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What does real wealth look like? Is it a vacation home in Tahiti? An always-reserved table at the city’s finest restaurant? Or maybe it’s a ‘trophy spouse’ and extravagant weekends in Vegas? Well, author Thomas J. Stanley doesn’t think so – and he’s one to know. Having studied the affluent for over 30 years, Stanley has published seven books on the subject – and his findings uncover some surprising truths about how millionaires become, well, millionaires. And it’s not just about the money.

In Stanley’s view, money is merely a by-product of a far more valuable commodity – The Millionaire Mind. In his best-selling 2001 publication (of the same name), he interviewed over 1300 American millionaires to ascertain just what made them wealthy. His research reveals a comprehensive understanding of the traits shared by the rich – and in so doing, uncovers how those in a lower tax bracket keep themselves from true prosperity.

The Educational Myth: Millionaires are intellectually gifted, Ivy League graduates.
The Reality: Yes, an Ivy League education is a benefit. (It must be said, so as not to dissuade anyone from pursuing higher education.) But statistically, those who have achieved wealth are not always the highly-educated. Just as often, it is students of mediocre performance that are able to adapt a millionaire mind, using abilities that are rarely taught in even the finest of business schools – their personal communication skills. A trait shared by many in Stanley’s survey was an ability to connect with people on a fundamental level.

The Lazy Myth: Millionaires are inherently lazy, preferring that others do the work for them.
The Reality: Patently untrue. In truth, millionaires stand above the rest of the population because of two distinct personality traits – tenacity and determination. Even when the ‘going gets rough’, the affluent will continue to forge ahead.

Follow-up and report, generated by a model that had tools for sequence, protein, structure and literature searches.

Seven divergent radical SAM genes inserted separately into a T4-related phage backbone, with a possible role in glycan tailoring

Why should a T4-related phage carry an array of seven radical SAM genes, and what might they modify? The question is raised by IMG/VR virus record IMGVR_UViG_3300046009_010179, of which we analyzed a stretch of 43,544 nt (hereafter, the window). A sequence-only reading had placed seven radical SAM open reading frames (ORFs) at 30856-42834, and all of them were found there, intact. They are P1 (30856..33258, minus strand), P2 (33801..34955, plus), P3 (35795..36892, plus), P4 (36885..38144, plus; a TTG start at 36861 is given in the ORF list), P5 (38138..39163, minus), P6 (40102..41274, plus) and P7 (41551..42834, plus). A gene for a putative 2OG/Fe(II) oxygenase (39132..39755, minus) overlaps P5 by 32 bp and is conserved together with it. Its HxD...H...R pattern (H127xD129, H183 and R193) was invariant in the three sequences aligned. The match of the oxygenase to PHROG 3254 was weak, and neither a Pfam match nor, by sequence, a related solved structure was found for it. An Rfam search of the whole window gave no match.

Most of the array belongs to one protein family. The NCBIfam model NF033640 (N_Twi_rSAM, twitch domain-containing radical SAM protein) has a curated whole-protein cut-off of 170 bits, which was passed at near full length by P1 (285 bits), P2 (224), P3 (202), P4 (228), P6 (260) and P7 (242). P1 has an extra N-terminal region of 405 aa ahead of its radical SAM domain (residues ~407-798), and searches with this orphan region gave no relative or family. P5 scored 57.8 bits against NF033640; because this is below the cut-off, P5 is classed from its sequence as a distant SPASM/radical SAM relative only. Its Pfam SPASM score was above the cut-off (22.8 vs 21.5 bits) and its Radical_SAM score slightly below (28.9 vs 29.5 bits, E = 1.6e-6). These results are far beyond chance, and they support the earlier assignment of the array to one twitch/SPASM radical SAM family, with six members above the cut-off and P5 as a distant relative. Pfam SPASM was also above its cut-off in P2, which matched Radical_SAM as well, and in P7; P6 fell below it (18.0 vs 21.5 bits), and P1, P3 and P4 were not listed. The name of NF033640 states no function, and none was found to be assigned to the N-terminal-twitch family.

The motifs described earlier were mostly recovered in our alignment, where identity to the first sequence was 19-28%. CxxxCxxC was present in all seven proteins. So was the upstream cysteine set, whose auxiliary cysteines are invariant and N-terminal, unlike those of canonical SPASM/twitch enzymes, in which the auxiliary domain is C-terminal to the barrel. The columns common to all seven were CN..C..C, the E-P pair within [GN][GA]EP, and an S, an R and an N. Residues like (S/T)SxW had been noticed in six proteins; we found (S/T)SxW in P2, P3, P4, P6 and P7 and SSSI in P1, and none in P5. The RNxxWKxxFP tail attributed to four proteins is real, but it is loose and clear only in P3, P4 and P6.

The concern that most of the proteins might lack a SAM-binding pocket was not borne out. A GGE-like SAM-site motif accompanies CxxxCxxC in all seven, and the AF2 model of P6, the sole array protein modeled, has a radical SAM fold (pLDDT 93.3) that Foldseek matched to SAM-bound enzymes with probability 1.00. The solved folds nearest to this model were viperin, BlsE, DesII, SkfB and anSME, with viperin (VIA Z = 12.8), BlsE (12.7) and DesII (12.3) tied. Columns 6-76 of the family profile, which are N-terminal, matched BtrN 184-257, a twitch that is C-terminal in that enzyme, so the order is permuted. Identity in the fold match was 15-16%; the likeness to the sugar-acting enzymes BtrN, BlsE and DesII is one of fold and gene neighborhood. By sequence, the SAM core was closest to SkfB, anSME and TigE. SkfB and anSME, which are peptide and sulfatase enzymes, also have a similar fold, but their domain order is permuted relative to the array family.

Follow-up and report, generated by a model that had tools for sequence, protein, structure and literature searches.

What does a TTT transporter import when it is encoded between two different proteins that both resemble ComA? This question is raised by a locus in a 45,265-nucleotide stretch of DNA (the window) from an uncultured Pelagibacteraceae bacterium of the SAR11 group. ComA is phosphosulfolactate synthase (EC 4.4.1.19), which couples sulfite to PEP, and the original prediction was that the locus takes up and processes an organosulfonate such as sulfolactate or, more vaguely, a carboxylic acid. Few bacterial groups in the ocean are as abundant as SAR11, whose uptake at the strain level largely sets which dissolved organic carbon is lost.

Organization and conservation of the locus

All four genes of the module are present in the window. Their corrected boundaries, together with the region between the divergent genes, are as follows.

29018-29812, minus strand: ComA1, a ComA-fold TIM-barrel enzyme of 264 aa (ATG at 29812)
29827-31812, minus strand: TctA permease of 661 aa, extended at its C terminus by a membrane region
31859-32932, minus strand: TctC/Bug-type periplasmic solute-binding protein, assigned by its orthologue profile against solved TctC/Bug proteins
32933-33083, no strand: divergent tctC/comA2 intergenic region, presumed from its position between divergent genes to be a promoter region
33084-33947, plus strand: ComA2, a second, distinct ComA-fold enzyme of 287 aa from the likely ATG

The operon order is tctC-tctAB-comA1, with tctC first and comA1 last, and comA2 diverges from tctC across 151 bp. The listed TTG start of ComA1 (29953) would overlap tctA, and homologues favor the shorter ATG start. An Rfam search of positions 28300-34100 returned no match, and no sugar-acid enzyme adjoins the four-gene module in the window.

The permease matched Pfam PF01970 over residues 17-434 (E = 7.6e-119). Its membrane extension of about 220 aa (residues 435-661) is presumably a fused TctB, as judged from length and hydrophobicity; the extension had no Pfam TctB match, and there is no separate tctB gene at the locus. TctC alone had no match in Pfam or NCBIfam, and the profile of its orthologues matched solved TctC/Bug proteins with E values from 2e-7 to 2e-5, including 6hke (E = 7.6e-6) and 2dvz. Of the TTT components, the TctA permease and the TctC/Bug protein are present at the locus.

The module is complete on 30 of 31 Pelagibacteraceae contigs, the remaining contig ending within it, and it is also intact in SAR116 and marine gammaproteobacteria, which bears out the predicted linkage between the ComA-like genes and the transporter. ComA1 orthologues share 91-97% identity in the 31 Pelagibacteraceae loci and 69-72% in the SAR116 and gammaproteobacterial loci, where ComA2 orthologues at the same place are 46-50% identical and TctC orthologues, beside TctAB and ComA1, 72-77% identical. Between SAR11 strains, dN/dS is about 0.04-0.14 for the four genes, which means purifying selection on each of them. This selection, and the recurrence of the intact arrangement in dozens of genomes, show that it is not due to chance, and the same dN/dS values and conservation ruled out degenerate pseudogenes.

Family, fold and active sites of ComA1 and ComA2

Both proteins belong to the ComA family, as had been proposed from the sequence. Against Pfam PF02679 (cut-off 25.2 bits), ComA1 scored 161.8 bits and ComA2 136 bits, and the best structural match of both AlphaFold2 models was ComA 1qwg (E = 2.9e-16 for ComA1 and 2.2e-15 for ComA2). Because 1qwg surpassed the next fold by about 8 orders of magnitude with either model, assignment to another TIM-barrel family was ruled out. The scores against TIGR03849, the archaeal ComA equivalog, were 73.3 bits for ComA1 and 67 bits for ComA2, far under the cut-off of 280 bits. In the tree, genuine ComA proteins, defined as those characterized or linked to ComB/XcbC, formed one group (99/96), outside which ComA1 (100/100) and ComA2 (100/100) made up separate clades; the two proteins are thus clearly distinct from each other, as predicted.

The Entitlement Myth: Millionaires are most often ‘trust fund babies’, who have inherited their wealth, rather than earned it.
The Reality: Nearly two-thirds of the millionaires Stanley interviewed were entrepreneurs and/or business owners. They created their affluence by filling a void in the market – not by having their assets given to them.

The ‘Big Spender’ Myth: Millionaires spend money like water.
The Reality: Millionaires are conscientious about their spending habits. From finding a trustworthy financial adviser to buying a home, the affluent don’t spend money without knowing what they’re getting in return. And as boring as it may sound to some, the old maxim of ‘quality not quantity’ comes into play.

The Miserable Myth: Millionaires will work at a job they loathe – as long as the big bucks keep rolling in.
The Reality: Stanley’s subjects found success by following their interests, not by getting into the corner office. By finding a job that suited their talents and abilities, the wealthy were able to commit the necessary emotional energy and focus to succeed – and to do so happily.

From Daddy Warbucks to Paris Hilton, millionaires can often seem like a lucky, lofty few. But as Stanley proves, it’s not the money – it’s the mentality. Adopting a millionaire mind can improve your bank account balance – but the most important returns can’t be spent. Personal happiness, a sense of achievement and providing a service to others are attributes that money can’t buy.